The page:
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Azure D-Series VM Benchmark

Following the news of the D-series VM in Azure i wanted to test it out to see what kind of performance it delivered. I picked D1 with the following specs: azuredpic1 First of, the news of having a SSD intrigued me, so i wanted to test IOPS performance. For this i choose SQLIO and the powershell script by Mikael Nystrom. As it says on the website the powershell script uses SQLIO to perform IO tests on the selected disk. I started with testing the C: drive to get some baseline performance. [wpgist id=“ef368e9aafdffb912713”] azuredpic2 Next i ran the same test against the D: drive which is the one backed by SSD’s. azuredpic3 As expected we see a huge performance benefit from the SSD’s, only drawback is that they are non-persistent, from the Azure blog

On these new sizes, the temporary drive (D: on Windows, /mnt or /mnt/resource on Linux) are local SSDs. This high-speed local disk is best used for workloads that replicate across multiple instances, like MongoDB, or can leverage this high I/O disk for a local and temporary cache, like SQL Server 2014′s Buffer Pool Extensions. Note, these drives are not guaranteed to be persistent. Thus, while physical hardware failure is rare, when it occurs, the data on this disk may be lost, unlike your OS disk and any attached durable disks that are persisted in Azure Storage.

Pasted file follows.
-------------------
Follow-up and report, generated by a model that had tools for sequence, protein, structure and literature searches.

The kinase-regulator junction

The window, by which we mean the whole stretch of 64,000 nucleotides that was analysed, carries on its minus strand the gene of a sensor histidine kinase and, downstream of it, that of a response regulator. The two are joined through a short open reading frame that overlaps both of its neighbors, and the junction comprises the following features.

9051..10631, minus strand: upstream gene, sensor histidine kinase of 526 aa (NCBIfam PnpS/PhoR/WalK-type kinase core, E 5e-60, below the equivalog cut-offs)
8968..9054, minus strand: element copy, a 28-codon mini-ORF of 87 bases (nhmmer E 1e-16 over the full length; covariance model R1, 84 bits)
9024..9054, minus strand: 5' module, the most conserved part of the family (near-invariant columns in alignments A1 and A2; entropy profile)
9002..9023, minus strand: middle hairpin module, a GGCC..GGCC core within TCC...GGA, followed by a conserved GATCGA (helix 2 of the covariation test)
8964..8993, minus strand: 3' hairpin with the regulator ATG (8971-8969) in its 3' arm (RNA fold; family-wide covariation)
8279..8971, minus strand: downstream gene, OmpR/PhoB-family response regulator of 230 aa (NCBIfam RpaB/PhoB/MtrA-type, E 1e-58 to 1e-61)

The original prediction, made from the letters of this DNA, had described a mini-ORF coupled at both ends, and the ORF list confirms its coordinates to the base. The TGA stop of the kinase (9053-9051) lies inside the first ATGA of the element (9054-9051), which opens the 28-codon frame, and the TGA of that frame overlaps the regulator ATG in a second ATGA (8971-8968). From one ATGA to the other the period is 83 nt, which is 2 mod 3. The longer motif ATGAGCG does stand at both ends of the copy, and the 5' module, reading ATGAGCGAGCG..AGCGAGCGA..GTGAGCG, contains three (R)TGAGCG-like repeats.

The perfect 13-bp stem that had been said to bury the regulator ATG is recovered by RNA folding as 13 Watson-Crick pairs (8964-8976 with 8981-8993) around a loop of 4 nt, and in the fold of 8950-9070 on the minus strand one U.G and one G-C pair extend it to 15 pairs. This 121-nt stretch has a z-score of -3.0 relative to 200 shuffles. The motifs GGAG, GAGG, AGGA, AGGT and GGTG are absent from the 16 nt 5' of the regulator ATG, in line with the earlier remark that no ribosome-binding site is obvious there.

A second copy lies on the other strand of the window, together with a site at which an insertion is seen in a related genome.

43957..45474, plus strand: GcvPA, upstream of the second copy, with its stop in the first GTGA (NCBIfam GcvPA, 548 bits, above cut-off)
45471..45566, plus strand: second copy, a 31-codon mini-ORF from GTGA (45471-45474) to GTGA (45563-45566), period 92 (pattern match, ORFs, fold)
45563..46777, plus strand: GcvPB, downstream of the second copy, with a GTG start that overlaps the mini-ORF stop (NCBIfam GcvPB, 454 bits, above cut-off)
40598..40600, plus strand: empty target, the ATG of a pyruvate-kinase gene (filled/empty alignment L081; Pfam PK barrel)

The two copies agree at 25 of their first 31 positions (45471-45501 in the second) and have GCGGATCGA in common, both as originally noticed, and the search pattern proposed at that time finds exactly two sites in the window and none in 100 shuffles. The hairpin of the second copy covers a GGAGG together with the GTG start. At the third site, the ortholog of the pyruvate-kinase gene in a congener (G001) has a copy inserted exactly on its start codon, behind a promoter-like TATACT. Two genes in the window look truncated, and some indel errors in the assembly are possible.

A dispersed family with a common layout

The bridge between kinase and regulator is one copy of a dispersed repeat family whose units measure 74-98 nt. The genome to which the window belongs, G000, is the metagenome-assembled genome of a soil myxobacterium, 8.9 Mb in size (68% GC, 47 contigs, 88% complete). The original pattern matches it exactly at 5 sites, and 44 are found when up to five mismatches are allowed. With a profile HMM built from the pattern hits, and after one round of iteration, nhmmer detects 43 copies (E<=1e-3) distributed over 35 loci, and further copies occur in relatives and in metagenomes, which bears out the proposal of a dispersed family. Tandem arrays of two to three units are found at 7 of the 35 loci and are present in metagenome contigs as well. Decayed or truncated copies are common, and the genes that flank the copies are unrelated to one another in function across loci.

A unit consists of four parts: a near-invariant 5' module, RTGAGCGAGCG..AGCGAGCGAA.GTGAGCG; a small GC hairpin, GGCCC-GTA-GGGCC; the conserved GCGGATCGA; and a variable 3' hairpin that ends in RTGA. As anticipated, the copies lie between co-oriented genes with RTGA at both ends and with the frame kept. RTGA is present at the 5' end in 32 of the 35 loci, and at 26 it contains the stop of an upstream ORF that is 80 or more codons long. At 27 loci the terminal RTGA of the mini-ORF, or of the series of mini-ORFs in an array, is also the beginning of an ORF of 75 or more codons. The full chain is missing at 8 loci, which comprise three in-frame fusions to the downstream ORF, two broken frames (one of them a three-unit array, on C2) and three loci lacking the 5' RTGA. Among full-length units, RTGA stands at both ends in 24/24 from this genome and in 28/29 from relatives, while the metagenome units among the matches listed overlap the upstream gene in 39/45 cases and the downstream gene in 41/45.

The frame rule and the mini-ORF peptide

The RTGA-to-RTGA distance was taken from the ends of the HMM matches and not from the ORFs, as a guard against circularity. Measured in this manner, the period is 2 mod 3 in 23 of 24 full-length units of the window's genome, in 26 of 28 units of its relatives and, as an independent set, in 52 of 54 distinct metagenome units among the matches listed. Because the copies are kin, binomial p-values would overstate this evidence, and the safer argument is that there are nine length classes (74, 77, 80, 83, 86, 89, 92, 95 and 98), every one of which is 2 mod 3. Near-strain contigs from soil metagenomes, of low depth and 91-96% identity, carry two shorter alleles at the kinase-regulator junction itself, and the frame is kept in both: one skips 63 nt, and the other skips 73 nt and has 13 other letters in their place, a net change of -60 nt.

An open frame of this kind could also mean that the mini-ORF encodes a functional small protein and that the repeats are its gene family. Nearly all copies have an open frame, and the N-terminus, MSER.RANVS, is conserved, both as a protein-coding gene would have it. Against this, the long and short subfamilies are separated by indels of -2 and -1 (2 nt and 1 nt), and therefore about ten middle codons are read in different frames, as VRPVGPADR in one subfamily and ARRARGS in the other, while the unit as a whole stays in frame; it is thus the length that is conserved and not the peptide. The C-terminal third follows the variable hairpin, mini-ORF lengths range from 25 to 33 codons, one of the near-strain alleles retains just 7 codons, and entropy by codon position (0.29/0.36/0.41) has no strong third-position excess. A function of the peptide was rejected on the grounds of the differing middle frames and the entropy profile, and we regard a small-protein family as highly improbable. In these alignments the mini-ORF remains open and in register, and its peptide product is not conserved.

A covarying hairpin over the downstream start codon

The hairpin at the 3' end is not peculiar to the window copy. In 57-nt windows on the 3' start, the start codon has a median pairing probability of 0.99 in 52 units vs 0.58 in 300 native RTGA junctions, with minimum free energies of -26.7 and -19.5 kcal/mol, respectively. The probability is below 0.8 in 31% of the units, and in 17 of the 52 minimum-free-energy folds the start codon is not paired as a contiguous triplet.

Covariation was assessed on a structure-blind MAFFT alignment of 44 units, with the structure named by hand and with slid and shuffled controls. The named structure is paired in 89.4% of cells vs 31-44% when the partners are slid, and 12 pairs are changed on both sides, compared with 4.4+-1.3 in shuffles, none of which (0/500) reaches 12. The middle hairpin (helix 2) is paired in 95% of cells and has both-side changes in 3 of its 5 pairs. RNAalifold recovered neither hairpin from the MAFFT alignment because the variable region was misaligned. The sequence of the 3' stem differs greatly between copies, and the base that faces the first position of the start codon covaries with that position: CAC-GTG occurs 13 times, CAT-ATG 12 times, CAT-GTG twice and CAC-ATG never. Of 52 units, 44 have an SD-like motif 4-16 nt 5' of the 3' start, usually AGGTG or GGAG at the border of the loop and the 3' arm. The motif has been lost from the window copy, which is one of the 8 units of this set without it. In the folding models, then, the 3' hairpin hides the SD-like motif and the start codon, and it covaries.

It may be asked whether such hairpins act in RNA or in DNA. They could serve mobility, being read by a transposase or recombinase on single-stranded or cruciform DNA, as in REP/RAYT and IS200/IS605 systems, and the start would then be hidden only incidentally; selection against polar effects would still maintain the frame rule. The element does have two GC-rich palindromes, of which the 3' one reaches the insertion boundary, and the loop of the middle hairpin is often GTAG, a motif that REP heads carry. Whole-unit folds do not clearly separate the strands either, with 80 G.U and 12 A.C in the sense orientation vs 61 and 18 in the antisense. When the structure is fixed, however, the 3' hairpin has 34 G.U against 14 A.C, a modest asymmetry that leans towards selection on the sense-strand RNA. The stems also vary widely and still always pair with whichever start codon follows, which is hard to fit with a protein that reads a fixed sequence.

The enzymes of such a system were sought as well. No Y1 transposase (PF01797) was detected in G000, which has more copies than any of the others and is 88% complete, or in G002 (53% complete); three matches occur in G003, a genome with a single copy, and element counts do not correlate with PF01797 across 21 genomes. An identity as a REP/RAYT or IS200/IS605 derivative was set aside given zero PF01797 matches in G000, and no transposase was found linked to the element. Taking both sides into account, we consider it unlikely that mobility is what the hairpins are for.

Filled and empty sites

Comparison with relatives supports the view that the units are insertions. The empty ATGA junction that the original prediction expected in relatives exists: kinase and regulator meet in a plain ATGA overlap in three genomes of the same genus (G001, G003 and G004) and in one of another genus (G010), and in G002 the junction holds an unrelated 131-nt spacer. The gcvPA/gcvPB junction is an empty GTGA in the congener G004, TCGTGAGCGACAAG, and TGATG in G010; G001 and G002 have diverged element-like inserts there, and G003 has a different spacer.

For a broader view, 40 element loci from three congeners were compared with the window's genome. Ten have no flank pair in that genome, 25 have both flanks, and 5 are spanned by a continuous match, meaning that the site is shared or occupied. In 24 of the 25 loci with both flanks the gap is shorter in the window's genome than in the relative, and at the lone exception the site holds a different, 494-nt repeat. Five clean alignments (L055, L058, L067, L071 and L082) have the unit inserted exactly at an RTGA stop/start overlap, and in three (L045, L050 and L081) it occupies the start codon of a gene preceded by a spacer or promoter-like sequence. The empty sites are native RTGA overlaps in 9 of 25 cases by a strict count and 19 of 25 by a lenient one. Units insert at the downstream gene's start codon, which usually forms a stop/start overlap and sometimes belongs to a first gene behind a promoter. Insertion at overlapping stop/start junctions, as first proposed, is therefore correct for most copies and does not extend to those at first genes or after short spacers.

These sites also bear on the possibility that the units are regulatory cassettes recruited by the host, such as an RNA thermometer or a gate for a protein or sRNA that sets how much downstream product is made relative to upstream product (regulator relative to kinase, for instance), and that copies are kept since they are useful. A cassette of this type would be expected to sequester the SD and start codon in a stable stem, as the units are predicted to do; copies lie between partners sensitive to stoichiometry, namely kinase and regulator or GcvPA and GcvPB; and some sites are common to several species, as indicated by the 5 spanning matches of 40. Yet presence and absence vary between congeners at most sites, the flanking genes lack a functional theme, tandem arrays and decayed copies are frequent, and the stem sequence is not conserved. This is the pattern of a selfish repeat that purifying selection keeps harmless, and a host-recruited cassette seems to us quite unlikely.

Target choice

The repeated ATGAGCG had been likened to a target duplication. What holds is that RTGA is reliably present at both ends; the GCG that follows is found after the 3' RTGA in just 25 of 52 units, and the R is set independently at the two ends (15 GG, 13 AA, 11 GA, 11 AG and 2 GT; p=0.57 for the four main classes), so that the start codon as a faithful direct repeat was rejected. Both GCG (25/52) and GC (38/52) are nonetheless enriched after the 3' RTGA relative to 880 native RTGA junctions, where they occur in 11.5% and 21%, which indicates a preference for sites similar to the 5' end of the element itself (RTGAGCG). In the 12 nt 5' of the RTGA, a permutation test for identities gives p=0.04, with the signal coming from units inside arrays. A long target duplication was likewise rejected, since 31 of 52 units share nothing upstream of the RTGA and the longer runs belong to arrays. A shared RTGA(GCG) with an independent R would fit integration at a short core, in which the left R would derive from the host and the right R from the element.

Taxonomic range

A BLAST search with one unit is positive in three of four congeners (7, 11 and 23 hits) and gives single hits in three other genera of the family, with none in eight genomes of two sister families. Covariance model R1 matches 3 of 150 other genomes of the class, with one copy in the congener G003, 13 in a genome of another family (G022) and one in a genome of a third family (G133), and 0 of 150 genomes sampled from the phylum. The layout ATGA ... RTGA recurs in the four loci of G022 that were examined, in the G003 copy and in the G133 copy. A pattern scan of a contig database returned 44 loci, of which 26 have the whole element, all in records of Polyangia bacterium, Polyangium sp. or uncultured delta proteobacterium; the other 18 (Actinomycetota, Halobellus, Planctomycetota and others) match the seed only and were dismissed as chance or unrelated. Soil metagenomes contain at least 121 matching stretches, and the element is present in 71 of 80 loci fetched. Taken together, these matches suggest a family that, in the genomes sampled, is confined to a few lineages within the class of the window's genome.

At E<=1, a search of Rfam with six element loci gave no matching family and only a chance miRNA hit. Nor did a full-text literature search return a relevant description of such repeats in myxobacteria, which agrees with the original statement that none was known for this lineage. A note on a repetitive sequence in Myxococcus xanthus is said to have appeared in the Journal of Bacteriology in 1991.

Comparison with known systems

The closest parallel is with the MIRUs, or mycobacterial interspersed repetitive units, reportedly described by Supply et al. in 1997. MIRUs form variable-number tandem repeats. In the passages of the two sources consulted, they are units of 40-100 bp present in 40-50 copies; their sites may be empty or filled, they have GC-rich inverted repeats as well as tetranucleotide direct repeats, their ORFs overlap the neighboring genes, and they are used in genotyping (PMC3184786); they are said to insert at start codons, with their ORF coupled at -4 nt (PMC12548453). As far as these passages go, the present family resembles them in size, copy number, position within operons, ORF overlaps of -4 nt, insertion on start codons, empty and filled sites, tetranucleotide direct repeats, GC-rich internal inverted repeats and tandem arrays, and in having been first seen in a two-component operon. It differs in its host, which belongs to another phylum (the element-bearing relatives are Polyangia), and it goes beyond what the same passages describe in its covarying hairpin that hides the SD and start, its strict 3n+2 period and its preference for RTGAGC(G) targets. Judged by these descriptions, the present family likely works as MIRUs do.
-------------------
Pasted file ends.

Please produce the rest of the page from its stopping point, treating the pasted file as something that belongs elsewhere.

From this i read that the only scenario where i will lose data is in the case of hardware failure, how offen that may happen is yet to be determined. Microsoft is being conservative and saying you should only use it for replicated workloads, but perhaps some crafty ITPRO’s will find ways to uttilize the power of the SSD’s without the chance of loosing data.

Published 28 Sep 2014